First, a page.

Encyclopædia Britannica, Ninth Edition/Arkansas
|Sketch Map of Arkansas.|
ARKANSAS, one of the south-western states of the North American Union, situated between lat. 33° and 36° 30' N., and long. 89° 45', and 94° 40' W., with an area of 52,198 square miles. It is bounded N. by Missouri, E. by Tennessee and Mississippi, from which it is separated by the Mississippi River, S. by Louisiana , and W. by the Indian territory. It belongs to the great basin of the Mississippi, being watered by that river and by several of its main tributaries, which are all more or less navigable. Of these the principal are the St Francis, in the north-east; the White River with its affluents, the Cache, Little Red, and Black Rivers in the north; and notably the Arkansas, which, entering the state at Fort Smith, traverses it in a south-easterly direction until it joins the Mississippi at Napoleon. The southern part of the state is watered by the Washita in the east, and by a bend of the Red River in the west. The eastern part of the state, bordering on the Mississippi, is low and swampy, and is annually overflowed. Westward the country gradually attains a greater elevation, passing off into hills and undulating prairies, which lead up to the Ozark Mountains, beyond which, again, an elevated plain stretches towards the Rocky Mountains. The Ozark Mountains do not exceed 2000 feet in height, and the only other great masses of elevation are the Black Hills and the Washita Hills. A geological survey of the whole territory was commenced at the state expense by Dr David D. Owen, in 1857, and two volumes of Reports were published in 1858 and 1860. In the district north of the Arkansas River, the three leading formations are the “mill-stone grit, with its associate shales and conglomerate; the subcarboniferous limestone and its associate chert, shales, and sandstones; and the magnesian limestones, and their associate sandstones, calciferous sand-rocks and chert, belonging to the lower Silurian period.” The mineral products are reported to be very considerable, “including zinc, manganese, iron, lead, and copper; marble, whet and hone stones, rock-crystal, paints, nitre-earths, kaolin, granite, freestone, limestone, marls, greensand, marly limestones, grindstones, and slate.” The zinc ores are said to compare very favourably with those of Silesia, while the argentiferous galena produces a high average percentage of silver. Of coal, anthracite, and lignite, there are abundant supplies. A great number of mineral and thermal springs occur in various parts of the state, the most remarkable and most frequented groups lying to the south of the Arkansas in Hot Springs county. The heat of several attains 146° or 148° Fahr. Among what are called natural curiosities may be mentioned the sandstone dam across Lee's Creek in Crawfurd county, the Mammoth Spring in Fulton, which is supposed to have underground connection with Howel s Valley in Missouri, and is said to pour forth its water “at the rate of 8000 (?) barrels per minute,” the Bee Rock in White county, and the crystalline productions of Magnet Cove. It need hardly be said that there is great variety of soil in such a state as Arkansas. Along the river “bottoms” the alluvium is dark, rich, and deep, and yields excellent crops. The chief crops cultivated are maize, wheat, cotton, and tobacco, as well as apples and other fruits. There is a natural flora of great richness, a complete list of which is given in Dr Owen's second report. The trees and shrubs most frequently occurring are poplars, oaks, pines, sweet-gum, sycamore, black locust, ash, elm, hickory, dogwood, elder, palma-christi, black spice, papaw, mockernut, wild vine, &c. The fauna of Arkansas includes the buffalo, eland, red-deer, beaver, otter, hare, racoon, wild turkey, goose, and quail, as well as bears and wolves among the mountains. The climate of the lower districts is decidedly unhealthy, largely on account of the lack of wholesome water; but in the upper regions it is quite salubrious. Hitherto Arkansas has been mainly agricultural, but it is rapidly advancing in the development of its mineral wealth, in the extension of its railway communication, in the embankment and guidance of its rivers, in the reclaiming of its waste but fertile lands, in the progress of manufactures and industries, and in the establishment of educational and benevolent institutions. At the census of 1870 the population amounted to 484,471, comprising 362,115 whites and 122,169 coloured persons. In 1860 the population amounted to 435,450, so that an increase of more than 10 per cent. has taken place between these two periods, principally in the white population. The capital is Little Rock, originally a French settlement, situated on the Arkansas River, and occupying a very central position in the state; population, 18,000. Arkansas was first colonised by the French, in the 17th century, and in 1720 Louis XV. made a grant of land on the Arkansas to the well-known John Law, but this led to no results of importance. In 1763 the territory was handed over to Spain, but returned to France in 1800. In 1803 it was purchased by the United States, along with the rest of what was then called Louisiana, and was established as a separate non-Indian territory in 1819. It was received into the Union as a slave state in 1836; and during the American Civil War, 1861-65, its Convention sided with the Confederate States, joining that organisation May 6, 1861.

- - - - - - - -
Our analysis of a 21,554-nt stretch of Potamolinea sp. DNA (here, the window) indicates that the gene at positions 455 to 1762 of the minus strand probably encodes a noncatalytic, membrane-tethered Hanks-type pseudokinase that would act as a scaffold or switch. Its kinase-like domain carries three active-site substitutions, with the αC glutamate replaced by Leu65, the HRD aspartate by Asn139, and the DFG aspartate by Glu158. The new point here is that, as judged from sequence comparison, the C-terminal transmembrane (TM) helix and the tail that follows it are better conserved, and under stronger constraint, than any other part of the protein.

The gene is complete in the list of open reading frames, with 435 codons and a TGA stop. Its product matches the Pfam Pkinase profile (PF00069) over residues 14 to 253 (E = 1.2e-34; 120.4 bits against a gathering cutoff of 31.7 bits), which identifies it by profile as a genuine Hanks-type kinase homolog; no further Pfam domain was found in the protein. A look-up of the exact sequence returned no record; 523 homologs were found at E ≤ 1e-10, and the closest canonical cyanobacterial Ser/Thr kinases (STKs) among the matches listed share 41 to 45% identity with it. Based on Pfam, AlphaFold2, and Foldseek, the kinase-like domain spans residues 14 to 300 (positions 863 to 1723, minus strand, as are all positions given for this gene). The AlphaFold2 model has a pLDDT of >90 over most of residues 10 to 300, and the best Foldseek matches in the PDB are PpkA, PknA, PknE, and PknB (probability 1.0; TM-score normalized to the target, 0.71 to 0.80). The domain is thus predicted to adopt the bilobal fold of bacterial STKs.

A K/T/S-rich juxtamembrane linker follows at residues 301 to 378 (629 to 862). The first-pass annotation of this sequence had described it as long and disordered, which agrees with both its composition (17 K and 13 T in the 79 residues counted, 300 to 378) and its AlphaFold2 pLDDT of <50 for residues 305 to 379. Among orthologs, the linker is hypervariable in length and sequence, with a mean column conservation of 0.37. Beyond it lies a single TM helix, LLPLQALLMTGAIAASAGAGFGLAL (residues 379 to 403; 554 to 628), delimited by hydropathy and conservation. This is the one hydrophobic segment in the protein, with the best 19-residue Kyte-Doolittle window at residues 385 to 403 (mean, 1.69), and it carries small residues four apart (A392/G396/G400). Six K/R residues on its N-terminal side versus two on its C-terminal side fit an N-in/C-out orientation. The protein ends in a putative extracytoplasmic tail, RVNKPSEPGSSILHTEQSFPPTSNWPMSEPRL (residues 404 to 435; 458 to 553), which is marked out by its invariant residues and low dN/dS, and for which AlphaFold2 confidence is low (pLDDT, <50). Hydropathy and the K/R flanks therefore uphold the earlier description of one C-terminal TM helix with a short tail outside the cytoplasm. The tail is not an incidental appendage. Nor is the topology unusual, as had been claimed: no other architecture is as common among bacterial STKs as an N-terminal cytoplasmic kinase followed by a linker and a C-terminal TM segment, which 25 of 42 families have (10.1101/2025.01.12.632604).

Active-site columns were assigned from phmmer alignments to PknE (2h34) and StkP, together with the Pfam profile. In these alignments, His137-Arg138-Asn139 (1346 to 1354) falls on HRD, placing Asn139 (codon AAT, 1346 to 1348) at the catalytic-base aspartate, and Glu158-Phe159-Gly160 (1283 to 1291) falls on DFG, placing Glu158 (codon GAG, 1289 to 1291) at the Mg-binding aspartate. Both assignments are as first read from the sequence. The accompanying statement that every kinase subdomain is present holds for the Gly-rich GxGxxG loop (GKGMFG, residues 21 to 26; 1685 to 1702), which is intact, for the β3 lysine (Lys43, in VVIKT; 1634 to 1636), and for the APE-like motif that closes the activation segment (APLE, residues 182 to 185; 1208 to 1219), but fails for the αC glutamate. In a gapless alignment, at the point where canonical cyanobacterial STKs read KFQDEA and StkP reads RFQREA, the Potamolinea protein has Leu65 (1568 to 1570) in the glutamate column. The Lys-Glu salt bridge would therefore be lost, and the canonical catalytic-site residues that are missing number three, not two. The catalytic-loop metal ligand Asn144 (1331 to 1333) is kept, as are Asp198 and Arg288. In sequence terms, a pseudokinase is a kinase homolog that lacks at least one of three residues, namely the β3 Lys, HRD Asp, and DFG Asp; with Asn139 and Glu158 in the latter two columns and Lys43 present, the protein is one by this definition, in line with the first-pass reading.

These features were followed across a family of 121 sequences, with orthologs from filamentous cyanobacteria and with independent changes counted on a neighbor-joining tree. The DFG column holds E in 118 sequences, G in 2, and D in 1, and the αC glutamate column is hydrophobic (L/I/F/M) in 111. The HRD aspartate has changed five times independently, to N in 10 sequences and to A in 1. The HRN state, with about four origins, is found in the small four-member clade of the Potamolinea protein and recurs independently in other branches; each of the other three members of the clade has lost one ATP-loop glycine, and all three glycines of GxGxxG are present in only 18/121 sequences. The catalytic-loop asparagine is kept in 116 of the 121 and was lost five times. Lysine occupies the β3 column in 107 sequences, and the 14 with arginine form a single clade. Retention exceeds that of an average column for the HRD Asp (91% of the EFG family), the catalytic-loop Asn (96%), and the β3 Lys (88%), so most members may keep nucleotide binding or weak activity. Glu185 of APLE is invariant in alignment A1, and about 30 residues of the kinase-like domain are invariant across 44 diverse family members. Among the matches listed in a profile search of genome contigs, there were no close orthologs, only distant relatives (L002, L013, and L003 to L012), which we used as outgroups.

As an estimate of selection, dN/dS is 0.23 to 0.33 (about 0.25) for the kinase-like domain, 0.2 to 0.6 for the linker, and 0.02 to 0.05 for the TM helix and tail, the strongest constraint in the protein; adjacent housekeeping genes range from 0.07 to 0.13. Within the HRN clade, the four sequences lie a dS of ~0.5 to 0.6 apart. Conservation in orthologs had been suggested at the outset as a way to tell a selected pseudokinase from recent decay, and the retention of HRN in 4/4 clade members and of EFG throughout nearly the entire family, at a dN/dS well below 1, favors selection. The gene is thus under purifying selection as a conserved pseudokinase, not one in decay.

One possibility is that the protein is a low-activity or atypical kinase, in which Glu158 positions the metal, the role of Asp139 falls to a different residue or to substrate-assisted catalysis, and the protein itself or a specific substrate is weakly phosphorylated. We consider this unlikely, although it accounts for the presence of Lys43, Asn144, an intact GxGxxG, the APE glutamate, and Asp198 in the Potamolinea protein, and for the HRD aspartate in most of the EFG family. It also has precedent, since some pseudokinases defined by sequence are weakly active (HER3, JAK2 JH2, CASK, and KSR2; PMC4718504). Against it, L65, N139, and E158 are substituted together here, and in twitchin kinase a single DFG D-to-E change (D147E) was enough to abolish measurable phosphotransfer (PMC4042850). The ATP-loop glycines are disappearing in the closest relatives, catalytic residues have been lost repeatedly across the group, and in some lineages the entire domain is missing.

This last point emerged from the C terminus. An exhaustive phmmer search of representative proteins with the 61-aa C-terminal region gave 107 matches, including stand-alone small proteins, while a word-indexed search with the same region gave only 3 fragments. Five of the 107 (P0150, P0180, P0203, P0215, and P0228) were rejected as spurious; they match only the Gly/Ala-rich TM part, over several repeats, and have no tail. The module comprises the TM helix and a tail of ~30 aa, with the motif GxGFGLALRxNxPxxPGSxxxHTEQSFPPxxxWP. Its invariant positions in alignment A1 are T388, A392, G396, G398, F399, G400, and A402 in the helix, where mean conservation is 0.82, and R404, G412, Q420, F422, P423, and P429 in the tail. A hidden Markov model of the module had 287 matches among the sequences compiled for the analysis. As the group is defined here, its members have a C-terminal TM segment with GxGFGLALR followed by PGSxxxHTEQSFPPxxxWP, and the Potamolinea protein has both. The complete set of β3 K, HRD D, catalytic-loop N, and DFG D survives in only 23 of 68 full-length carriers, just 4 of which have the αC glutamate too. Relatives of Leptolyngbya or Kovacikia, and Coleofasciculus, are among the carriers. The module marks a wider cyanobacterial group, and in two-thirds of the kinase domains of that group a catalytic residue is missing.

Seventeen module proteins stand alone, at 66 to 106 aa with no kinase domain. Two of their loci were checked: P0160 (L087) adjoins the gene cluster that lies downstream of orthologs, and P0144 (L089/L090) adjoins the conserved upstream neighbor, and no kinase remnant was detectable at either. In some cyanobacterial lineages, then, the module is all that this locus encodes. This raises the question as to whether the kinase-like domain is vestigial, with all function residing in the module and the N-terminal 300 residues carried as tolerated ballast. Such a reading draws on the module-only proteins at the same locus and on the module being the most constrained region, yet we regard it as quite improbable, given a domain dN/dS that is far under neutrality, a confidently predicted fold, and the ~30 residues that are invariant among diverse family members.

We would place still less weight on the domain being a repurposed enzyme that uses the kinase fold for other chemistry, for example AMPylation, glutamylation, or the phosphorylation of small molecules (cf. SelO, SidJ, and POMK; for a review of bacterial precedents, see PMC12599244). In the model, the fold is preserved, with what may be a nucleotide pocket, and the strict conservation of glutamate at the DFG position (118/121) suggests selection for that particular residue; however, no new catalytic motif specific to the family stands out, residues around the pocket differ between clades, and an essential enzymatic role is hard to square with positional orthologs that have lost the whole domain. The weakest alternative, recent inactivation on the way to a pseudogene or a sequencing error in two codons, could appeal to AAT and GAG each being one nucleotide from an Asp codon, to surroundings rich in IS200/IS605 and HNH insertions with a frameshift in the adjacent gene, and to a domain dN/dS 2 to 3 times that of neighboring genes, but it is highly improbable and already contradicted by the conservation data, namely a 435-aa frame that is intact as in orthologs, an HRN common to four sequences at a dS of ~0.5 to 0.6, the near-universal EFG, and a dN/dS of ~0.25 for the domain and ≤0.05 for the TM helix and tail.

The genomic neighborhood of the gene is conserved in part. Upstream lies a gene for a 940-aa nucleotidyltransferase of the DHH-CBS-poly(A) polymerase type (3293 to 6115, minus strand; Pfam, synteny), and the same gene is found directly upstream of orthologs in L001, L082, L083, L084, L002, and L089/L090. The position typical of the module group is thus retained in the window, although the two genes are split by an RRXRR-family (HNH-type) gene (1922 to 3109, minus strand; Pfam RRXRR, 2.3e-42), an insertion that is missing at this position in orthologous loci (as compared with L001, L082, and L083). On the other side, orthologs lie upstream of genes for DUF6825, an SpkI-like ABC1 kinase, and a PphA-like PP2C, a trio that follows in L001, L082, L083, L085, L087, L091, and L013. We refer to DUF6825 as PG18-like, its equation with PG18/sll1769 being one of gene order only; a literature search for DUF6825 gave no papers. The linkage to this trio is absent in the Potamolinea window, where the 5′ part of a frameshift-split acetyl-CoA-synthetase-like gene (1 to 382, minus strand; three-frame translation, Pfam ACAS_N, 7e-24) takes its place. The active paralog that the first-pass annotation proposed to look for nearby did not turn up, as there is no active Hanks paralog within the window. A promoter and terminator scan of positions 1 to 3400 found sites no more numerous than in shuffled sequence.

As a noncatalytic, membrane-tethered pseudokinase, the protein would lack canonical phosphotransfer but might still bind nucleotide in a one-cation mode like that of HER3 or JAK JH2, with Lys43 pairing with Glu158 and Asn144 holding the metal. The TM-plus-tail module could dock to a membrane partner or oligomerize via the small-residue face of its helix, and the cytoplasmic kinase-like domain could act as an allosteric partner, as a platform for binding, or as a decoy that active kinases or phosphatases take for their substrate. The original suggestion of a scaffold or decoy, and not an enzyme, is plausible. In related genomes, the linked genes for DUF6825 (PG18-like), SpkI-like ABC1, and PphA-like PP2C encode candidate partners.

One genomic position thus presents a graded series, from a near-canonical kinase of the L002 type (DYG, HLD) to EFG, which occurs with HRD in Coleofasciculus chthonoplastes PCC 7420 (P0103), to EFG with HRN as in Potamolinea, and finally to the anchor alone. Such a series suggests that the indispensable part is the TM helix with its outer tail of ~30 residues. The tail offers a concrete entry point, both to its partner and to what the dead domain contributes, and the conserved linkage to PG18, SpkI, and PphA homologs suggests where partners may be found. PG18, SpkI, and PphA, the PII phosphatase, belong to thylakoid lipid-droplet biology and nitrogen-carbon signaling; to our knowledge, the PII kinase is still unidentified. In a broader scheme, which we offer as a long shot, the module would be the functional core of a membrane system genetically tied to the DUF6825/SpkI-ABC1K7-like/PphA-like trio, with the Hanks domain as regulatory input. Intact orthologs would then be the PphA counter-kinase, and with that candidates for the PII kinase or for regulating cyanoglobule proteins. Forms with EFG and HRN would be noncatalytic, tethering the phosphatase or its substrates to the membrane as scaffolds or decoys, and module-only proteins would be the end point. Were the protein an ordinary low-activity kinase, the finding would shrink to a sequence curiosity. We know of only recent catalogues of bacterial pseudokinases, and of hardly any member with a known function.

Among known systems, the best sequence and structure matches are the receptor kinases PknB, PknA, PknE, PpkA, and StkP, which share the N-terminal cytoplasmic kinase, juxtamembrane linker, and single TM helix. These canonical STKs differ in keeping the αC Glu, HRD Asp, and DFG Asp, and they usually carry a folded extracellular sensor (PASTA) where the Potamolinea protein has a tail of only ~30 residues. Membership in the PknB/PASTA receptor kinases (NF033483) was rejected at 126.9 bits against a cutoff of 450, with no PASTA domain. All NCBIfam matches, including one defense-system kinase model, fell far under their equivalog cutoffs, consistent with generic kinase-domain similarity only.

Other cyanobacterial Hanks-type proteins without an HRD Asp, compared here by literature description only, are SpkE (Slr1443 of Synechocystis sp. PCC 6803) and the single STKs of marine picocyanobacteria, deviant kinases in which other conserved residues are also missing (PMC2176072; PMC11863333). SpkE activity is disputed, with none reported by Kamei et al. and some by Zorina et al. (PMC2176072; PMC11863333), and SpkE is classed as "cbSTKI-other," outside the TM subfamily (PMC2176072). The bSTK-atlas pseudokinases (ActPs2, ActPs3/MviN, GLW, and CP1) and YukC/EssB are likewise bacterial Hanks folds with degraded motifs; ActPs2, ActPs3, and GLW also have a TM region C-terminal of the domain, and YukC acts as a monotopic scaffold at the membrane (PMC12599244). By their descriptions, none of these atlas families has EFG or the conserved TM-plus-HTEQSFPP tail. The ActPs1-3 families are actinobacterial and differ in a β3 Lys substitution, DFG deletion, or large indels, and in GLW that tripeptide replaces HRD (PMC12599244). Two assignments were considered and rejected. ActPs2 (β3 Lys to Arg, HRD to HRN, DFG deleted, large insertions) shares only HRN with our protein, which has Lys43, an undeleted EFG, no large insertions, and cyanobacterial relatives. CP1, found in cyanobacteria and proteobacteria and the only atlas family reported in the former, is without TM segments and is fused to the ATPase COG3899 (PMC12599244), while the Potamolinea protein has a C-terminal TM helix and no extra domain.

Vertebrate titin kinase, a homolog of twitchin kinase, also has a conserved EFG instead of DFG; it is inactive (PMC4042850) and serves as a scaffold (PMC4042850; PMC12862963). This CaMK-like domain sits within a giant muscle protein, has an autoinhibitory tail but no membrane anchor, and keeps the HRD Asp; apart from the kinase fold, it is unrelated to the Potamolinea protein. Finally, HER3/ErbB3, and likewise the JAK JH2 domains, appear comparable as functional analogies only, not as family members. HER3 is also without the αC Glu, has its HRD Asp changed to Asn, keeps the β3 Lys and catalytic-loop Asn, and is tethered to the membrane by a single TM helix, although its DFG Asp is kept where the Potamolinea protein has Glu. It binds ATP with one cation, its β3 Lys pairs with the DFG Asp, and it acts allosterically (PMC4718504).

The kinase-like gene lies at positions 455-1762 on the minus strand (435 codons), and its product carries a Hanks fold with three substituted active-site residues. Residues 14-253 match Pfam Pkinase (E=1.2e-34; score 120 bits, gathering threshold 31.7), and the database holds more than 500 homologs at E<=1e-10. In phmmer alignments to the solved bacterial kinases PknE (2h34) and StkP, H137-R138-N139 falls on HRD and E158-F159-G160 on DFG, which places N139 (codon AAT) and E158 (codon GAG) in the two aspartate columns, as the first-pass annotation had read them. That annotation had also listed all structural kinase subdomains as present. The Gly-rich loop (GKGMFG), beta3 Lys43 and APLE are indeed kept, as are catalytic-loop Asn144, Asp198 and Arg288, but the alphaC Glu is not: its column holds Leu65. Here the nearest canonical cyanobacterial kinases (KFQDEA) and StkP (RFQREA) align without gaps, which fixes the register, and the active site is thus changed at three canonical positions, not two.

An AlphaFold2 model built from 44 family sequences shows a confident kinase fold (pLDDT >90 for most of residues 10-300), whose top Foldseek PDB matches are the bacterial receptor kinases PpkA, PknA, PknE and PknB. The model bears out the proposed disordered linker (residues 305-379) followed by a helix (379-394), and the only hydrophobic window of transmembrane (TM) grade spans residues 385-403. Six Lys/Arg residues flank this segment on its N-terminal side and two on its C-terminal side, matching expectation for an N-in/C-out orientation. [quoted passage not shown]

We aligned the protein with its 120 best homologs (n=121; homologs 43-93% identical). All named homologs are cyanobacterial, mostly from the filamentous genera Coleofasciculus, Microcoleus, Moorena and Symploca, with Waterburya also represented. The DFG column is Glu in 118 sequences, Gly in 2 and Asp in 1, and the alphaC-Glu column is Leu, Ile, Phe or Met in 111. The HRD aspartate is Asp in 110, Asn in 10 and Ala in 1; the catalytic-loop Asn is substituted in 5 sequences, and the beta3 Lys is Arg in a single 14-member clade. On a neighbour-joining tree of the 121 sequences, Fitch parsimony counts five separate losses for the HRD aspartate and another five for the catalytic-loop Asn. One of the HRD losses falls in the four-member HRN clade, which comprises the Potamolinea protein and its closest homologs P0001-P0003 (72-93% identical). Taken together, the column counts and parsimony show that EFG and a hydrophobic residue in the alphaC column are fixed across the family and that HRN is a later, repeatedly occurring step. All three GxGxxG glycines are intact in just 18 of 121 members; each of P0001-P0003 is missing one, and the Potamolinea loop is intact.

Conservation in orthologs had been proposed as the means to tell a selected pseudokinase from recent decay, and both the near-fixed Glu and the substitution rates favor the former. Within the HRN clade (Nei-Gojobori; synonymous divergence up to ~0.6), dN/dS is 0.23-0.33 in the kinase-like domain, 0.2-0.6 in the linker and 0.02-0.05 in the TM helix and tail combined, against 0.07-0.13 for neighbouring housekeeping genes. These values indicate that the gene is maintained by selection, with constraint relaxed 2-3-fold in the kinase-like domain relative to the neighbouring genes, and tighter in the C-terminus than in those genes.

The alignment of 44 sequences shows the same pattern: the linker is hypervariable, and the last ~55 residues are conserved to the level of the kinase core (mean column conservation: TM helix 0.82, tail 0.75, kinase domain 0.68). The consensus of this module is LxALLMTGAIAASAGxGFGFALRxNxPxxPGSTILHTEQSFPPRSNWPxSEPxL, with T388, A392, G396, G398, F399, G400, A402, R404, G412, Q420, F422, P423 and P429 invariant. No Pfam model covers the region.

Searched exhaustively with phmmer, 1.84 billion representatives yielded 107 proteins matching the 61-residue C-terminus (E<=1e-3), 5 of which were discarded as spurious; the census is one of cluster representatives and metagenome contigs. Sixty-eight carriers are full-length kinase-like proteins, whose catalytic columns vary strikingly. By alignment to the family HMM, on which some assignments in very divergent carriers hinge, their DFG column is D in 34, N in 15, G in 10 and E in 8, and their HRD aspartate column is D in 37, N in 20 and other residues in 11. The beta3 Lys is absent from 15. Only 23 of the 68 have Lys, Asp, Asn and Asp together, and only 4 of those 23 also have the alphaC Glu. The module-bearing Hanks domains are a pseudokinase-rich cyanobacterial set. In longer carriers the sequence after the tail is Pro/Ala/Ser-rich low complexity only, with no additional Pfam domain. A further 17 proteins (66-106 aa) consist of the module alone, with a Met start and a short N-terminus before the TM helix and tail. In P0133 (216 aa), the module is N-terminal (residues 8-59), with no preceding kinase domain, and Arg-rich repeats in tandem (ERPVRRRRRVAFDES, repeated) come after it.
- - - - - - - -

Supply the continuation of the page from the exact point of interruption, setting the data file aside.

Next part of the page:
Arkansas, a river of North America, which rises in the Rocky Mountains, in lat. 39° N., long. 106° W., 10,000 feet above the level of the sea, flows with a generally east ward direction through Colorado and part of Kansas, then turns to the south-east, and so proceeds through the rest, of Kansas, the north-east part of the Indian territory, and the state to which it gives its name, and finally falls into the Mississippi at Napoleon in lat. 33° 40' N. The length of its course is stated at 2170 miles, and its drainage-area at 178,000 square miles. It receives a large number of tributaries, of which the most important are the Cimarron, Rio Nutria, and Canadian River. It is navigable for steamboats of about 4 feet draught 40 miles above Little Rock, and during flood for some 150 miles further to Fort Gibson.
|VOL.II.||[Compiled according to Census of 1880 and latest surveys.]||PLATE A.|
|ENCYLOPÆDIA BRITANNICA, NINTH EDITION.|